March 23, 2011 § Leave a Comment
By Rebecca Liao
Nobody shops at the Arcades, unless they do not have anything to buy. Even at the height of their modernity, the indoor mazes of stores and restaurants beneath vaulted ceilings of iron and glass were more the territory of the incurable and occasional flâneurs. No matter, though; one thing the Arcades have never been is irrelevant. They were once the newest act in town. They are now an inside secret for the self-identified cultured traveler, which perversely makes them cooler than they ever were. The type of tenants they attract has remained the same: oddities that would not survive if they were not all housed under one chic roof and, therefore, able to play the legitimacy-by-numbers game. The same appeal underlies this form of entertainment:
Every few weeks, I will introduce new tenants to the neighborhood.
- Tibor de Nagy Gallery: Painters & Poets Non-obvious mashups do not often lead to movements, but when you have the Abstract Expressionists as an ally, the prospects look much better, as in you might even name yourself after, and therefore claim to represent, a cultural capital.
- As the Federer Express was pulling into the U.S. Open in 2006, David Foster Wallace wrote what is still the most insightful and beautiful analysis of Roger Federer’s game. Eight Grand Slams later, Federer still owes many a lionizing (re)introduction to DFW’s poetry. Turns out DFW has a track record of elucidating and bringing heft to sissy, alien institutions. Sequitur regularly partners his work with contemporary classical music, most recently performing “Tri-Stan” (based on the story “Tri-Stan: I Sold Sissee Nar to Ecko”) and “Everything is Green” at Symphony Space in NYC.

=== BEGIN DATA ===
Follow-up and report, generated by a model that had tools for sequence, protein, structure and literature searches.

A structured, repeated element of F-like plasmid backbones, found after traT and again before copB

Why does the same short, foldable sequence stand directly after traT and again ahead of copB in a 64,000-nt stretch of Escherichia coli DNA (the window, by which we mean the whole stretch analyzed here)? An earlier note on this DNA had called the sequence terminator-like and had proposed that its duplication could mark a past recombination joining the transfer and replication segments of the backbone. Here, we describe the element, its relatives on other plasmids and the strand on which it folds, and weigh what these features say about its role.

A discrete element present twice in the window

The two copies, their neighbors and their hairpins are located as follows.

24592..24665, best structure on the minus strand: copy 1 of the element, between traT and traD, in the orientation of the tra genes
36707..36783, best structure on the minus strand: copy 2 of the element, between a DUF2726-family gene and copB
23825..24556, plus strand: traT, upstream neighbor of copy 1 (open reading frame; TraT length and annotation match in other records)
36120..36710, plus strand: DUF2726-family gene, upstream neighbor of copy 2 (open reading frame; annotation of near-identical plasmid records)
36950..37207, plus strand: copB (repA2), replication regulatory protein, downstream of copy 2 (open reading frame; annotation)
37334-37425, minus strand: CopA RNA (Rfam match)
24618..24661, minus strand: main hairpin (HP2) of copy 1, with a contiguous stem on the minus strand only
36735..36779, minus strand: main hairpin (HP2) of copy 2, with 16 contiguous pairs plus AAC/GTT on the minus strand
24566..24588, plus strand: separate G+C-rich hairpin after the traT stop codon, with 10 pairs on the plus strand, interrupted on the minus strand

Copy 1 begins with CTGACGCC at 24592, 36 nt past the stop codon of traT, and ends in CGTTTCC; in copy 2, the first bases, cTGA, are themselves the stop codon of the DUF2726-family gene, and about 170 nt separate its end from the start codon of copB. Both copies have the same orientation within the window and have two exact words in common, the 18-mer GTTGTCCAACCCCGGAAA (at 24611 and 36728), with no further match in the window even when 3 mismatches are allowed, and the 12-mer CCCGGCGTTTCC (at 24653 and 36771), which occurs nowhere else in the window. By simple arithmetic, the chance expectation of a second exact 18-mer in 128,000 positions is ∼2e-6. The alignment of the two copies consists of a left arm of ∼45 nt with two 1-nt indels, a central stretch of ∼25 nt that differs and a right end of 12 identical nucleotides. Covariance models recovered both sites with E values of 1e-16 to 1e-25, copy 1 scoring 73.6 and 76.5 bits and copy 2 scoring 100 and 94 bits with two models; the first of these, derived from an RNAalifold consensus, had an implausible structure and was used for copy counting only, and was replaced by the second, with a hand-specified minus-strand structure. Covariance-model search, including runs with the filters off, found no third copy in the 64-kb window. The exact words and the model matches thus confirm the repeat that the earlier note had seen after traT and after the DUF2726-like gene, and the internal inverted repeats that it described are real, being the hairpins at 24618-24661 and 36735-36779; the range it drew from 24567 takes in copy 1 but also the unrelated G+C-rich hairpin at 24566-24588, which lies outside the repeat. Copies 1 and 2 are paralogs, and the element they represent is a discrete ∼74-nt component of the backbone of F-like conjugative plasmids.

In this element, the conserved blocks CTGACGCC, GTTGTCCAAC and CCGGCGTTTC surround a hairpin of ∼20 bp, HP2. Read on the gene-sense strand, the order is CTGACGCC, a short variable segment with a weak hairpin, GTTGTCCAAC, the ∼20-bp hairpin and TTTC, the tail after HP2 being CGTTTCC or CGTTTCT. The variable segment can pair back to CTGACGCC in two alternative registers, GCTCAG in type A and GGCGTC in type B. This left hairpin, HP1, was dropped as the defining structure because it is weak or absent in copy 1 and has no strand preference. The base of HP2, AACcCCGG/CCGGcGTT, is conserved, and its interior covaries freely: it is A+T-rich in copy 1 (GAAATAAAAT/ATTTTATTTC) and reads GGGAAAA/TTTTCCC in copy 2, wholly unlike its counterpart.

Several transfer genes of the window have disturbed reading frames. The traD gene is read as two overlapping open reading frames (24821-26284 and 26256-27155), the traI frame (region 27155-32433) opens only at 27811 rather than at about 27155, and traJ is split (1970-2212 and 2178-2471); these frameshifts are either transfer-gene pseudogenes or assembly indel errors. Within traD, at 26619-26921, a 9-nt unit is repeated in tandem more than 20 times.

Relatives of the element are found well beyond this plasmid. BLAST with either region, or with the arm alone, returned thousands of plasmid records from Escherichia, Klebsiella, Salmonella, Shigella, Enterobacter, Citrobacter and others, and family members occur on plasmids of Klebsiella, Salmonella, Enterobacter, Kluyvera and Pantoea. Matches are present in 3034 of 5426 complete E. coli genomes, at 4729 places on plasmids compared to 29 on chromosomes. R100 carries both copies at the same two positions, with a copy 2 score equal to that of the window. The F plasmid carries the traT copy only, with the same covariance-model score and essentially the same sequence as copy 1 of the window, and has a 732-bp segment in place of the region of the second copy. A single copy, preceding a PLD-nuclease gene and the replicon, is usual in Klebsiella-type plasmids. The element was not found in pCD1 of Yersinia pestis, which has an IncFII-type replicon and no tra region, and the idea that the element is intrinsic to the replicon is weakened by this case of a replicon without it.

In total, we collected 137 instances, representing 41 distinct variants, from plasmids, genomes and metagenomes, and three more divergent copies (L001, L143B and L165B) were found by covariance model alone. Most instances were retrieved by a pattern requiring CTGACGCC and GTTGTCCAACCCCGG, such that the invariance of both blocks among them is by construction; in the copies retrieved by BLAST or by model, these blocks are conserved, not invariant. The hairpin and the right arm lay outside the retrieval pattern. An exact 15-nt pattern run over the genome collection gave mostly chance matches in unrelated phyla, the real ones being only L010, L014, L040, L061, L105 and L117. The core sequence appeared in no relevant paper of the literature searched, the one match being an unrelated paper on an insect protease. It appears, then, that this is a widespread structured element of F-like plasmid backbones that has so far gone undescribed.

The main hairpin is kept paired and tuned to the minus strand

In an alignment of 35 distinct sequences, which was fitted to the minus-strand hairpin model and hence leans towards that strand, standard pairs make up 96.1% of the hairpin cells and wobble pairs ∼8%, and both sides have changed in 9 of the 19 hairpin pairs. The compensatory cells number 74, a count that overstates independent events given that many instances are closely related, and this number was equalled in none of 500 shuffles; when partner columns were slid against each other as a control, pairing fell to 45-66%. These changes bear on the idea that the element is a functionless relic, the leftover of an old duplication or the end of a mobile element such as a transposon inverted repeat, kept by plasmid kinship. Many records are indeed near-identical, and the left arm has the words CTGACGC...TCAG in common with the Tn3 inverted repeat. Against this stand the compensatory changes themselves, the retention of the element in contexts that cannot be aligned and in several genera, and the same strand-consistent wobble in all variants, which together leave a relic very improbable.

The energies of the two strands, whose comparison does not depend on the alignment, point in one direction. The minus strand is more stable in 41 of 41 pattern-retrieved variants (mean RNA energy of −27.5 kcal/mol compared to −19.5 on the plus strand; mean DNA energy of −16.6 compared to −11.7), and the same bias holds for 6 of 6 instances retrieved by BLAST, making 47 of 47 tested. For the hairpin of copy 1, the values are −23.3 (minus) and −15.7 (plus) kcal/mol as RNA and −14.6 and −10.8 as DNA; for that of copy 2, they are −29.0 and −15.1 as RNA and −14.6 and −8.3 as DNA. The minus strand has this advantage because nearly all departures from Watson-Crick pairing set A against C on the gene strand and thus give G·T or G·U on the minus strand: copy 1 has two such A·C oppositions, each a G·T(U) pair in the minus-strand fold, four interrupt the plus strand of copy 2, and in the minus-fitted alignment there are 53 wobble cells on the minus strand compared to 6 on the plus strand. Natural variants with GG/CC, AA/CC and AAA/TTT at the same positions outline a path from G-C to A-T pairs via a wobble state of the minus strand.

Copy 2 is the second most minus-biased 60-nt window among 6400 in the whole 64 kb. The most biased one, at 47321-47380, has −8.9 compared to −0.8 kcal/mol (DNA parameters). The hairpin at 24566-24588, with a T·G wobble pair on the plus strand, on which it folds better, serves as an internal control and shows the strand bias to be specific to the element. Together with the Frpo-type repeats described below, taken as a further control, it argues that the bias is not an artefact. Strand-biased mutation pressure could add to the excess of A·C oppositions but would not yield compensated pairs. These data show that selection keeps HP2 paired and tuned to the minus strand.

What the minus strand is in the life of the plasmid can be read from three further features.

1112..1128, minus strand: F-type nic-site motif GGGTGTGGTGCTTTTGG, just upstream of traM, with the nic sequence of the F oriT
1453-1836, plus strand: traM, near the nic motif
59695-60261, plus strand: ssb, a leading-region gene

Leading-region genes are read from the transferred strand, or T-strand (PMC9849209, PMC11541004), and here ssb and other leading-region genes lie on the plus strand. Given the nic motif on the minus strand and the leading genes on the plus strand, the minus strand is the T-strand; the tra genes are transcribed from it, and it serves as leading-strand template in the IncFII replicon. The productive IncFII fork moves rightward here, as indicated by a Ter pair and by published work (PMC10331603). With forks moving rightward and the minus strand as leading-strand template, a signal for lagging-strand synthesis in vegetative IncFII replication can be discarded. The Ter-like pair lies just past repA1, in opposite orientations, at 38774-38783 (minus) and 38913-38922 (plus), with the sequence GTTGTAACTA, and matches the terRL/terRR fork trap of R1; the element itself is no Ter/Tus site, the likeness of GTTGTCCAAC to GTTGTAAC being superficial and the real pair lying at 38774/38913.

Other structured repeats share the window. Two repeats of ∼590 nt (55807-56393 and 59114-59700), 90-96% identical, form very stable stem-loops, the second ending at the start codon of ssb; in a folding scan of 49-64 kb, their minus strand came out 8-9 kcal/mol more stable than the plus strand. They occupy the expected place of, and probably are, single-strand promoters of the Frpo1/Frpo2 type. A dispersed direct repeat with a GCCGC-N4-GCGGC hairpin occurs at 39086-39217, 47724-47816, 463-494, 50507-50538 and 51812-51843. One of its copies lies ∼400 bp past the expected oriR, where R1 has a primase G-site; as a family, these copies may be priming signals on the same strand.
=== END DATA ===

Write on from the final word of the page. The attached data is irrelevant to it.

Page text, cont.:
- Street performers are generally kicked out of private shopping areas, but it’d be a pity to constrain Hanh-Bin to a concert hall.
- Uber-hippie John Luther Adams was finally convinced to bring his monolithic “Inuksuit” to an urban performance space. A student in the legendary Stanford course “Rock, Sex and Rebellion” once wrote in a paper about Led Zeppelin’s “Whole Lotta Love:” “[That song] makes me want to have sex like burning.” Not there yet, but we are a lot closer than we’ve been in years.
- More than a hundred years after its founding, The Ballets Russes, as it originally existed in Paris, still captures the imagination. Each new incarnation seeks a direct link to the source, rather than all the re-interpretations that have come since. Most recently, the prima ballerina and sane half of a pair of genius siblings received their curtain call.
- Food court is calling. During the last couple of years, The Village Pub in Woodside, CA was quite happy being the watering hole for Silicon Valley’s beautiful people. It’s finally taken a cue from its customers and iterated, only instead of obnoxious new tools for pushing borders on privacy, it’s offering bottarga, bone marrow and Bergamot Crème Anglaise.